A Fringe First for one Jeremy Corbyn One debut Festival act was Labour leader Jeremy Corbyn, on cracking form with his “smash the media barons” schtick at the Television Festival, saying that journalists and media workers need to be “set free to do their best work, not held back by media bosses, billionaires or the state”. I worked for billionaires and I think I spoke to them once.
But it was his suggestion that BBC should declare the social class of its staff which really should be up for a comedy award. For BBC Scotland, why not what football team they support too...?
Print newspaper revival
STV was once at the heart of a bold attempt to build a Scottish-based multi-media empire and this week’s announcement that September 2’s Sunday Herald will be its last after 19 years, closes a chapter in that story.
After deals with Sunrise TV and BskyB, STV bought The Herald newspaper for £120m in 1996 and became Scottish Media Group the following year after its £105m takeover of Grampian TV. The spending spree continued with the acquisition of the famous cinema advertising business Pearl & Dean, the outdoor advertising firm Primesight, and a third share of Radio Clyde and Radio Forth parent SRH. It even blew £8m on a 37 per cent share of Hearts.
The Sunday Herald was launched in 1999 because the revamped Scotland on Sunday had proved so successful, peaking at over 130,000 sales in 1998, that lucrative classified advertising was beginning to leak away from the daily title, a key part of the multi-platform advertising strategy.
A bitter circulation and editorial war raged until 2003 when, crippled by debt from the expensive expansion, particularly the disastrous £225m acquisition of Chris Evans’ Ginger Media and Virgin Radio two years earlier, SMG was forced to sell the newspapers to Newsquest. The radio shareholdings soon followed, as did the advertising businesses and by 2008 the focus was firmly on the core television business and the company restored its old identity as STV Ltd.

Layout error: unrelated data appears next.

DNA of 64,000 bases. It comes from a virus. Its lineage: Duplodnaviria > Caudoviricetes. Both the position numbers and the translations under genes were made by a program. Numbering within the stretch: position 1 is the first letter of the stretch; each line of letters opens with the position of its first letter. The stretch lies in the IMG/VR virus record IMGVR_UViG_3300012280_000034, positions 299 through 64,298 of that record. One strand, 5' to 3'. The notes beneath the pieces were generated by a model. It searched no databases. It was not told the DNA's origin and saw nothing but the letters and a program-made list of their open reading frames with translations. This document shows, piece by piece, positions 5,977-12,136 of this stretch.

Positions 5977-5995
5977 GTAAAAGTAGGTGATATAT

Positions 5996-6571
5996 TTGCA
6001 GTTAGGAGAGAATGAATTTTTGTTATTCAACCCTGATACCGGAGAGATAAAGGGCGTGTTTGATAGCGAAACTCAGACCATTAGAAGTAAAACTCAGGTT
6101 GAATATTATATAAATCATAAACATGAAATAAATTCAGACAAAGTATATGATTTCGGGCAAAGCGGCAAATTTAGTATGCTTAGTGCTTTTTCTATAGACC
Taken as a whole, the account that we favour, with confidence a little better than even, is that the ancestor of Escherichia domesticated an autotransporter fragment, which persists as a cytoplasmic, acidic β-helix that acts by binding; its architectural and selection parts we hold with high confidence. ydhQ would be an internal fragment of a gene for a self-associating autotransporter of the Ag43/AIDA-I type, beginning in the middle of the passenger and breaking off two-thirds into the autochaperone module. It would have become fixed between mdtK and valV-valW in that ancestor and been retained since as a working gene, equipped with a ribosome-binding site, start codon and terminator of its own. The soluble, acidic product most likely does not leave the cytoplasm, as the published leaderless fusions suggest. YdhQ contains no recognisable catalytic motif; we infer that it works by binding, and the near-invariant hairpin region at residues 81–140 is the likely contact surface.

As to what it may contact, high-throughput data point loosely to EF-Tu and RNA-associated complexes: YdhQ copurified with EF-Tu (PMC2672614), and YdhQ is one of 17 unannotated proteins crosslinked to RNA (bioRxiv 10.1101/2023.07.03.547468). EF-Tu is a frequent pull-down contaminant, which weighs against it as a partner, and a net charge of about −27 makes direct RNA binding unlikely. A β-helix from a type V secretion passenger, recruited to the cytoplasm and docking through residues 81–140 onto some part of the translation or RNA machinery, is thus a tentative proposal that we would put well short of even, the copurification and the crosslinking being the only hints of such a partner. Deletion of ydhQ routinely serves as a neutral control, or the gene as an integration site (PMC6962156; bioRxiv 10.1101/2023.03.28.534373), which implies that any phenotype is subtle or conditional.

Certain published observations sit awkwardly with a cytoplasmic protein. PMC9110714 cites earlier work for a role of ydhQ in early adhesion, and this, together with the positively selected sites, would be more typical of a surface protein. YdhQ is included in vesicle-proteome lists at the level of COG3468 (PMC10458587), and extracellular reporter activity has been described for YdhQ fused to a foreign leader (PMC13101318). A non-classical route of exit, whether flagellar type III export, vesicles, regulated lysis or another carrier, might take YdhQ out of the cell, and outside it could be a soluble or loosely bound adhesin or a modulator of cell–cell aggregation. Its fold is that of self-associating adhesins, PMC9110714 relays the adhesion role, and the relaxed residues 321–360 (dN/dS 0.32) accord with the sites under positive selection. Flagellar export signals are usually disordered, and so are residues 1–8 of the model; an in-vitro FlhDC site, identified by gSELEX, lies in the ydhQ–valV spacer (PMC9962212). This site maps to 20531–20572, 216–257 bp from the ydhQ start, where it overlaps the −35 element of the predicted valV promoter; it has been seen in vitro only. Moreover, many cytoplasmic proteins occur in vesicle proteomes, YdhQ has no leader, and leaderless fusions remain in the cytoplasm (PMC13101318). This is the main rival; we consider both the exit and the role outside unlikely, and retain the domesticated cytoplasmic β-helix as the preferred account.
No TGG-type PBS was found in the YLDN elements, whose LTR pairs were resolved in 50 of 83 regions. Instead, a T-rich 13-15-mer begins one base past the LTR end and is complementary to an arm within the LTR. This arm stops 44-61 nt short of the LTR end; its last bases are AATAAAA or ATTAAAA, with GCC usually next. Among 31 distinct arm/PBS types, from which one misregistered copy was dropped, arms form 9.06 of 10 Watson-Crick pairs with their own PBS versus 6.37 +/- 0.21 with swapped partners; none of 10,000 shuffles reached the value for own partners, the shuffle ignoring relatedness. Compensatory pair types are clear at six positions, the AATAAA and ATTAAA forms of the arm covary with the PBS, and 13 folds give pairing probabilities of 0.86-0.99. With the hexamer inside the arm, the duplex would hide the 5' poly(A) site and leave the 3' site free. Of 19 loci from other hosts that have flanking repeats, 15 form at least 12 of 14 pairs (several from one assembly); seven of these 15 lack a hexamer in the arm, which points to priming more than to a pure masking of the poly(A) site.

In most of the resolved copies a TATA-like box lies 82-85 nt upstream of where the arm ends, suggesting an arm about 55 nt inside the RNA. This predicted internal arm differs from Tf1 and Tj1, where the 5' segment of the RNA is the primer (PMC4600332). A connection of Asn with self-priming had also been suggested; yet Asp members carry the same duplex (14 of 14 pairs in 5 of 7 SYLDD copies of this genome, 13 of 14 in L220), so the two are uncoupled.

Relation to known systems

Even as far back as 2003, the threat to newspaper advertising by low-cost online operators like Gumtree was becoming clear, but the full impact of the mobile revolution had still to be felt. Fifteen years on, Newsquest has taken the sensible decision to turn the Sunday Herald into a seventh day of the daily as the Herald on Sunday, but also to launch a Sunday edition of its pro-independence political daily The National.
Given the Sunday Herald’s audience was distinct from the daily, the move has the potential to grow the Scottish quality Sunday market in the West but is also an opportunity for Scotland on Sunday in the East.
Print advertising is undergoing something of a revival, with national title revenues up in the first quarter of the year for the first time in seven years, according to the Advertising Association, so this could be well-timed.
More piper snow globes
But a sad day for the Edinburgh news trade is the passing of the International Newsagents on the High Street, as of this month another shop swallowed by the souvenir machine. It sold the expected big European titles like El Pais and Die Welt, but also local weeklies like the Shetland Times and Inverness Courier. You could even get Irish weeklies like the Donegal Democrat and, ahem, An Phoblacht without pre-ordering. But at least there’s more choice if you are looking for a piper in a snow globe.